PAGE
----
Families with incarcerated loved ones will continue to face challenges as they grapple with the exorbitant cost of phone calls with inmates. These calls can be as high as $10 per minute at some facilities. Two years ago, telecom companies and some state governments filed suit against FCC rules which limited the price of in state prison phone calls. Last month, a federal appeals court ruled against the FCC rules. Learn more at http://www.npr.org/2017/06/18/533438857/fcc-decides-to-cap-prices-of-in-state-phone-calls-by-prison-inmates.
The state house tentatively approved a bill that would eliminate the need for concealed-carry permits for adults who are at least 18 and are not otherwise prohibited from owning firearms, except where open-carry is explicitly prohibited. The bill would also allow assistant district attorneys to bring concealed weapons into courtrooms, as well as legislators and their staff to bring them into the legislative building if they have concealed weapon permits. Furthermore, the bill would change the current 45 day time frame between a sheriff receiving mental health records regarding an applicant for a concealed weapons permit and the decision to approve or deny the permit. The new requirement would be within 90 days of receiving the application, regardless of when the sheriff receives the records. Read the full bill at: http://ncleg.net/Sessions/2017/Bills/House/PDF/H746v3.pdf
In response to a Charlotte Observer investigation regarding prison corruption, Senate leader Phil Berger has said that he plans to call for a legislative inquiry on prison corruption. Moreover, Governor Roy Cooper has called upon Secretary of Public Safety Erik Hooks to identify ways to address the issues identified in the investigation. The investigation exposed a host of problems. These include officers physically abusing inmates, permitting or encouraging attacks on inmates, having sex with inmates, and running contraband rings inside prisons. Learn more at http://www.newsobserver.com/news/politics-government/state-politics/article155319679.html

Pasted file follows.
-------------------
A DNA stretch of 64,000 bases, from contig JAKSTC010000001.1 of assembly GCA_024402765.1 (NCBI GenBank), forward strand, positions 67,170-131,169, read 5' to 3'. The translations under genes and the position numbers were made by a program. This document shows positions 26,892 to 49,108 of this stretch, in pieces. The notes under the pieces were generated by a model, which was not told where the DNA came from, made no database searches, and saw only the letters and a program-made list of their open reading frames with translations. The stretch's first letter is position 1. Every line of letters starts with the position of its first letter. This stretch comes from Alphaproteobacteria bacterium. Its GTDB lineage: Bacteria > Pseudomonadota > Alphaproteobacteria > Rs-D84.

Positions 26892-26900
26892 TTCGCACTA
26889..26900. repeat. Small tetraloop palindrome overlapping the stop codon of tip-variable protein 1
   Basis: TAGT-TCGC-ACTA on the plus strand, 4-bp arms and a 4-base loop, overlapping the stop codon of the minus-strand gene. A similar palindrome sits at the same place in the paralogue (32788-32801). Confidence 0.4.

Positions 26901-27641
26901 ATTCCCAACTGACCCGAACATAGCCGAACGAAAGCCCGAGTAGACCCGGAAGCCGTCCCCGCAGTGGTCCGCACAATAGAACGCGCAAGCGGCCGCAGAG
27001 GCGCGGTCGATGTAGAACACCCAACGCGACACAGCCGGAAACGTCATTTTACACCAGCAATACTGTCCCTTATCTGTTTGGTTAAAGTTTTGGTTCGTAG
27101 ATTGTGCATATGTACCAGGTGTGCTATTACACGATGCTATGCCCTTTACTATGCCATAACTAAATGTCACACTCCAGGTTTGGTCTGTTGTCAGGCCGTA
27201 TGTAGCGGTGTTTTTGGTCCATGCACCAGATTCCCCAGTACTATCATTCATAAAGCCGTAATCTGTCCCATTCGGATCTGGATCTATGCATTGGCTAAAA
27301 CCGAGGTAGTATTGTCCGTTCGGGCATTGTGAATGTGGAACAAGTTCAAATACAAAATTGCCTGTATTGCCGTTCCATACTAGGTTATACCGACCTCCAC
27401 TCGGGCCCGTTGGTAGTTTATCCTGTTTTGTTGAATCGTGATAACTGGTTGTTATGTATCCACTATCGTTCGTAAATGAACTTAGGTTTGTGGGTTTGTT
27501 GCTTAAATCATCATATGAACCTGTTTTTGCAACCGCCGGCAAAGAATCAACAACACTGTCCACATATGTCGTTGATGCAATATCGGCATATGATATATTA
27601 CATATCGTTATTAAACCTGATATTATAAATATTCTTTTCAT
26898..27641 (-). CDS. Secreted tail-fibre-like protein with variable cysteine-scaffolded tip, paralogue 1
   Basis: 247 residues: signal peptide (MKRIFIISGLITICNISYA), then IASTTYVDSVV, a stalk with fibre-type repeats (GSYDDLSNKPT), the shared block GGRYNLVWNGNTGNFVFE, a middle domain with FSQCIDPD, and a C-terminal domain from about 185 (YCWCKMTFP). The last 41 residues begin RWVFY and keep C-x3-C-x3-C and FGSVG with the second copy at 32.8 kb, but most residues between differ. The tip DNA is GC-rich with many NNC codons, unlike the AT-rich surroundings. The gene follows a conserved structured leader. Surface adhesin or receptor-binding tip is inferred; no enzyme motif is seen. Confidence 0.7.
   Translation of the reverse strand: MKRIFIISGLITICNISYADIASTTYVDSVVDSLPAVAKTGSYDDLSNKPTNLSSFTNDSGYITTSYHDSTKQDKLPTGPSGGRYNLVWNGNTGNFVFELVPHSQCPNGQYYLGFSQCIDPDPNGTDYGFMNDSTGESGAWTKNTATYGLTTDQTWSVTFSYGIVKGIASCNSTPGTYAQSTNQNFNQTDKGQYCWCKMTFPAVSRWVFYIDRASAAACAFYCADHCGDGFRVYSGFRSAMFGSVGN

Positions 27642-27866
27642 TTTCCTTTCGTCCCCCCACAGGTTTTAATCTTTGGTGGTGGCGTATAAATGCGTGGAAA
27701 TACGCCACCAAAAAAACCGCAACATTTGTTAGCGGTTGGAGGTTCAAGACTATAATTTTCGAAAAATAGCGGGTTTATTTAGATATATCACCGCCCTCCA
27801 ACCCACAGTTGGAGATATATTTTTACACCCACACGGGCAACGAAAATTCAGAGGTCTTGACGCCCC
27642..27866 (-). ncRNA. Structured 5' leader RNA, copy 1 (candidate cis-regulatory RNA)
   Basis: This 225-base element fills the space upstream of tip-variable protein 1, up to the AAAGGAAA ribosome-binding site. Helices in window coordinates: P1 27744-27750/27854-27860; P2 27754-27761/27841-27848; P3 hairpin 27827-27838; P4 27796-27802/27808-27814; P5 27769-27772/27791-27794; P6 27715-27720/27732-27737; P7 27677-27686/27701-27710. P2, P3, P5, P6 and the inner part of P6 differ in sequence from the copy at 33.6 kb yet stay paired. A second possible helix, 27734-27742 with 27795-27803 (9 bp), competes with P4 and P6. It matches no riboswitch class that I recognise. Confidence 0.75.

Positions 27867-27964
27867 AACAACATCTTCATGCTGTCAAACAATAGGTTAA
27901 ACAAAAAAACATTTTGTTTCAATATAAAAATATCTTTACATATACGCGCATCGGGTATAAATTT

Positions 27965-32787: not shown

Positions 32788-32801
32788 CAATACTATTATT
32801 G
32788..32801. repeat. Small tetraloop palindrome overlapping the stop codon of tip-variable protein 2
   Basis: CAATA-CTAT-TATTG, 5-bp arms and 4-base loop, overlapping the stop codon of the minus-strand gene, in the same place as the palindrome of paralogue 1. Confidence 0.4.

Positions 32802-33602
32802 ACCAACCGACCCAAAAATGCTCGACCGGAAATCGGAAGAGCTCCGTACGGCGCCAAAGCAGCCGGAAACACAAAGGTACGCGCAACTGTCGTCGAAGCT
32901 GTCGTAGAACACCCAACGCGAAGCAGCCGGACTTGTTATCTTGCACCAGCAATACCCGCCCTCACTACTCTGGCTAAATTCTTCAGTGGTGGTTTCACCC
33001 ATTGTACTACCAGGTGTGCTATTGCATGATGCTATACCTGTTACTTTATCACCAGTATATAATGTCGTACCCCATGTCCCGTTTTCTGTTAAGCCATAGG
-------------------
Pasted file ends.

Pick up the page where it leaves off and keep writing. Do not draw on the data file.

The DEA has proposed action that is reminiscent of the unsuccessful “War on Drugs” of the 1980s. This “War on Drugs” involved draconian and discriminatory sentencing for drug offenders. The current proposal is that the DEA hire a separate prosecutor corps of as many as 20 prosecutors to prosecute cases related to drug trafficking, money laundering. The proposal, according to DEA spokesman Rusty Payne, is in response to the opioid crisis. Opponents of the plan, including the Drug Policy Alliance, fear that the plan exceeds the DEA’s authority under federal law and represents movement away from treating drug addiction as a public health crisis. Learn more at http://www.npr.org/2017/05/04/526784152/dea-seeks-prosecutors-to-fight-opioid-crisis-critics-fear-return-to-war-on-drugs
In a recent article printed in the Washington Post, former Governor of New Mexico Bill Richardson explains why although he carried out the death penalty as Governor, he now opposes it. Some of the reasons he cited include the failure to serve as a deterrent, the number of innocent people freed from death row, waning support for the death penalty, and the cost to administer it. He noted the recent successes of anti-death penalty candidates running for district attorney as a positive sign that pressure to pursue the death penalty in the political sphere is decreasing. Learn more at: https://www.washingtonpost.com/posteverything/wp/2017/06/13/__trashed-2/?utm_term=.e950e5973201